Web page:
September 1, 2016

Practical data visualization concepts in D3.js

By João Samouco | 7 min read

practical-data-visualization-concepts-in-d3

If you’ve ever used Microsoft Excel to visualize data into charts and graphs, you’ve probably also encountered some frustration with popular spreadsheet software. The strategic use of accessible data visualization is not only common sense but also provides a significant competitive advantage. There are entire startups dedicated to building Web Applications that create compelling visual representations based off metrics and various KPI’s. Big data isn’t only valuable to accountants and C-Level executives. Metrics can provide insight into a company’s performance but they really shine when you add a layer of interactivity as you visualize your data. Thanks to Mike Bostock, developers now have an Open Source option for crafting Excel-like data visualizations. We can use D3.js for manipulating documents based on our data and visualizing that same data using SVG’s, HTML and CSS.

At the core of D3 we have a framework that allow us to associate any object or array of data with elements on a page, binding them together for further manipulation. Update data and we visually update the object tied to that data within our document, in real time. We can use any number of visualizations to interpret data, display it as a graph, a chart, an eye catching animated SVG, or as patterns and gradients. These are just the most common examples. Once the data and the object are linked, the possibilities of visualizing them are endless. We’ll cover D3.js version 3, but it has since been updated to 4.0.

Basics

The D3 API needs us to designate a container that will house our visualization. Every element created within D3 must be created within a container otherwise it doesn’t exist. This is typically an SVG but D3 supports HTML and Canvas as well. D3.js can be boiled down to the following formula when binding data to an SVG visualization:

var dataset = [
    6, 10, 23, 46, 26, 64, 36, 59, 12, 31, 15, 40,
    64, 70, 67, 71, 64, 75, 33, 45];

var svg = d3.select(‘div.myElement’)
    .append('svg')
    .attr(‘width’, ‘300 px’)
    .attr(‘height’, ‘300 px’);

The svg variable is declared as a D3 selection and will be used for our transformations. We then append an SVG element to the DOM and include configurations to the output of our data with .attr. In this example our data is declared as an array but it could also be XML, JSON or just a plain CSV file. There are several other data formats we can use in D3. You can load a plain old text file, a TSV, HTML and even as an XmlHttpRequest. In order to add any elements at all we first have to create our SVG by declaring the area for our visual elements:

var svg = d3.select(‘div.myElement’)
    .append('svg')
    .attr(‘width’, ‘300 px’)
    .attr(‘height’, ‘300 px’);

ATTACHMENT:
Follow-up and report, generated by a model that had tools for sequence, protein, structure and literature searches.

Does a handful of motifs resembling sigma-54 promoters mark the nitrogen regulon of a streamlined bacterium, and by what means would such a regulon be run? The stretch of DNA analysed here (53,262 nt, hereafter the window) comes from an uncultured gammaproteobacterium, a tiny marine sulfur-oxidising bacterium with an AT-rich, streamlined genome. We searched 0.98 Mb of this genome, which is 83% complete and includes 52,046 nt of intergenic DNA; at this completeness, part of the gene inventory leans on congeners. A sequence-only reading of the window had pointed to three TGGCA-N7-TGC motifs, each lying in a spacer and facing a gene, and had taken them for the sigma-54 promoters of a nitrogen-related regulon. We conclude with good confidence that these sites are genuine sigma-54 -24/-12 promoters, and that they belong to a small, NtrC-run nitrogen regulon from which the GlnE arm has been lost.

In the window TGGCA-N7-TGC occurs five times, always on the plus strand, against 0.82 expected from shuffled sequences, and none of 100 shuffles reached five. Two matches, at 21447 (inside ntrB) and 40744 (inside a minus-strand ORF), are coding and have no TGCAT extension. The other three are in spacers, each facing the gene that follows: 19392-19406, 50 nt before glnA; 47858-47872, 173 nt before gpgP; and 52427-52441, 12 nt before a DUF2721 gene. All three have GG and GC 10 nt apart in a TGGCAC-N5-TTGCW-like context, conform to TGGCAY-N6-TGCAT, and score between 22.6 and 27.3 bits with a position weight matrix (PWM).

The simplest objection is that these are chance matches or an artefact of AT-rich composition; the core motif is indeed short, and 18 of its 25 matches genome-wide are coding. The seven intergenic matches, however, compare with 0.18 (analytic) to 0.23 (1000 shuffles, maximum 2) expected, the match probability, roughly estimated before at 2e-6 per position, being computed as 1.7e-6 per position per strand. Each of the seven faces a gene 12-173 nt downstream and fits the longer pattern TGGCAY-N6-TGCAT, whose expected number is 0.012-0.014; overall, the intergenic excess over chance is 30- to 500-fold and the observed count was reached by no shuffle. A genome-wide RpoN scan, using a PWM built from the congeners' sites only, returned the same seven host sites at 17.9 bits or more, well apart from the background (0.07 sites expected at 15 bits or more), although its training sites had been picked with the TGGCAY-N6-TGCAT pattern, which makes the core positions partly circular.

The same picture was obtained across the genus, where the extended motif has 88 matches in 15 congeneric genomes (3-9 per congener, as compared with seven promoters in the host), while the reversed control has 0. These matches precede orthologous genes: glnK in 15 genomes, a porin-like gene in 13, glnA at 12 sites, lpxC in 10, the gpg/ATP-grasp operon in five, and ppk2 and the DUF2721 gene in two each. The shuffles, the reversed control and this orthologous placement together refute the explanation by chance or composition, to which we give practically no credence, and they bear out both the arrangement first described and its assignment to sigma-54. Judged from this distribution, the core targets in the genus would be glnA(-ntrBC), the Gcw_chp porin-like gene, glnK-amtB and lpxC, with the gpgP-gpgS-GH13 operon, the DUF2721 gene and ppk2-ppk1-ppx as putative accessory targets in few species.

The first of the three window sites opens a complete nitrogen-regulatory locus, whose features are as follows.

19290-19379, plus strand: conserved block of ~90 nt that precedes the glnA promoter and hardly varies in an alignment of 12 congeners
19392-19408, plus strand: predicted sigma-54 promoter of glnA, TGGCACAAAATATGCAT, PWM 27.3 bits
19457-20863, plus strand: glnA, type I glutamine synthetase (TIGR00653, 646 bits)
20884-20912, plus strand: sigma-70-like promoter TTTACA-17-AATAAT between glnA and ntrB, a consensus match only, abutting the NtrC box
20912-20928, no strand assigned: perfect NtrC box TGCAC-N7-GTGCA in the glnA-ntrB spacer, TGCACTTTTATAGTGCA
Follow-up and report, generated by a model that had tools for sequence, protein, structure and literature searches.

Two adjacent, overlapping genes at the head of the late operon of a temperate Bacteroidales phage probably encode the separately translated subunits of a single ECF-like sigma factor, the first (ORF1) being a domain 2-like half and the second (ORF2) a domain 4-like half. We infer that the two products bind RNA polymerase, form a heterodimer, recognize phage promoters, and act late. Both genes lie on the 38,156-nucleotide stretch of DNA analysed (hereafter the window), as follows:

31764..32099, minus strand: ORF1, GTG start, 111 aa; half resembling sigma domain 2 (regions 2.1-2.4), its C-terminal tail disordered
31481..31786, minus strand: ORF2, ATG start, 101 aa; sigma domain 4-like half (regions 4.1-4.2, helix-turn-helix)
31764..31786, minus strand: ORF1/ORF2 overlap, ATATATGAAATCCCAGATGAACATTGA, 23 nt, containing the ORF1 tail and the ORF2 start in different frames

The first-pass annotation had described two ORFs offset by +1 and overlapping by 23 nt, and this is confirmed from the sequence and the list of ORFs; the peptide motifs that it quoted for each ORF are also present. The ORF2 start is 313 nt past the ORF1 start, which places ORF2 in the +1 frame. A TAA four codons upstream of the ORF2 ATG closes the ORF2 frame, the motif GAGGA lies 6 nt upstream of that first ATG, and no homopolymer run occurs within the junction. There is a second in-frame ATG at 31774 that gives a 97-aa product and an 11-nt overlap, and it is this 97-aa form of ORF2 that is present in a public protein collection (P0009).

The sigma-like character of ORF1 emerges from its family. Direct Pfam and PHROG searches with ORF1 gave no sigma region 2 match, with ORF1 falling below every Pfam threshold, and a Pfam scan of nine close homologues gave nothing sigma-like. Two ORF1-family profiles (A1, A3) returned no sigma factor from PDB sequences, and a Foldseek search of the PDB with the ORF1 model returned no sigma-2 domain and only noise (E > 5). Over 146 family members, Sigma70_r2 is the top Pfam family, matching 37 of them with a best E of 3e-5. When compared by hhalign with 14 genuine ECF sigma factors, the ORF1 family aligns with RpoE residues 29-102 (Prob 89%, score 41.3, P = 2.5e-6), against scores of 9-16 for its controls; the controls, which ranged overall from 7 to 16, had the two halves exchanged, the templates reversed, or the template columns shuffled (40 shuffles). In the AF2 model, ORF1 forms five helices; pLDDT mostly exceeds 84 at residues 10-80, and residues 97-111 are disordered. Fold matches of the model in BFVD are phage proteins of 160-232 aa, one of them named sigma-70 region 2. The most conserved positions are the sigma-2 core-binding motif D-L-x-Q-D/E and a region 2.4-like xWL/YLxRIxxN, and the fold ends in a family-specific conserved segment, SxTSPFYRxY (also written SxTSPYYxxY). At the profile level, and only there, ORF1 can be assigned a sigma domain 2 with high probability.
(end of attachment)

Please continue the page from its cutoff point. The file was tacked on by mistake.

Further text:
Think of .select as the equivalent of $() in jQuery, which selects our div in this case. We declare our height and width as attributes for the SVG. D3 give us access to shapes like rectangles, circles, ellipses, lines, polygons and paths.

Adding Data
After we establish our canvas, we add our data. The utility functions available in D3 give us a wide coverage for creating powerful visuals. For example data() will load the data required for our document. We have the option of coding in our data but practical applications of D3 will most likely have us parsing data from a CSV or JSON file. A trivial use case would be declaring our data in the following examples:

As JSON

var dataset = {
    "first-name": “Hermes ",
    "last-name": “Trismegistus ",
};

Or as an array…

var dataset = [5, 10, 15, 20, 25];

var otherset = [{
    x: 100,
    y: 100
}, {
    x: 200,
    y: 200
}, {
    x: 300,
    y: 300
}]

If we wanted to load data from a CSV we’d do something like:

d3.csv("/data/data.csv", function(data) {
    console.log(data);
});

Once data is bound to the SVG we can use any number of included functions to create the graphical elements.

As a rule of thumb for data we should ensure that we can construct an array from the data we use. In next few steps we’ll cover several examples highlighting transformations in D3.

Bar chart aka Histogram

When you’d like to present data in the most efficient way possible, a histogram (better known as a bar chart) will work perfectly. Here’s a simple instance of a bar chart possible in D3:

In our fiddle example we prefix our rect element to build a bar graph using a rectangle: d3.append(“rect"). The rectangle appended to our SVG is used to represent data in our bar chart in the above fiddle as well as in most cases.

svg.selectAll("rect")
    .data(dataset)
    .enter()
    .append("rect")
    .attr("x", function(d, i) {
        return i * (w / dataset.length);
    });

D3 subscribes to a declarative programming style. We make our selection, then configure any modifications as attributes within the DOM. This includes any changes to CSS styles, HTML, SVG attributes, texts and animations. D3 iterates through our selection, appends and applies modifications for us. The DOM is abstracted away while still granting us full control of the visualization processes.

Within our code example above we make use of selectAll() to create an empty set filled with our graphical elements:

svg.selectAll("text")
    .data(dataset)
    .enter()
    .append("text")
    .text(function(d) {
        return d;
    });

data() declares the object or array we will use to be represented in our chart. Then enter() combines our data with the empty set from selectAll() and creates a set of elements that can then be accessed by D3. append() which binds our selection and establishes the type of visualization by allowing us to choose from the available SVG elements. In this case, we want a ‘rect’ element to build a bar graph.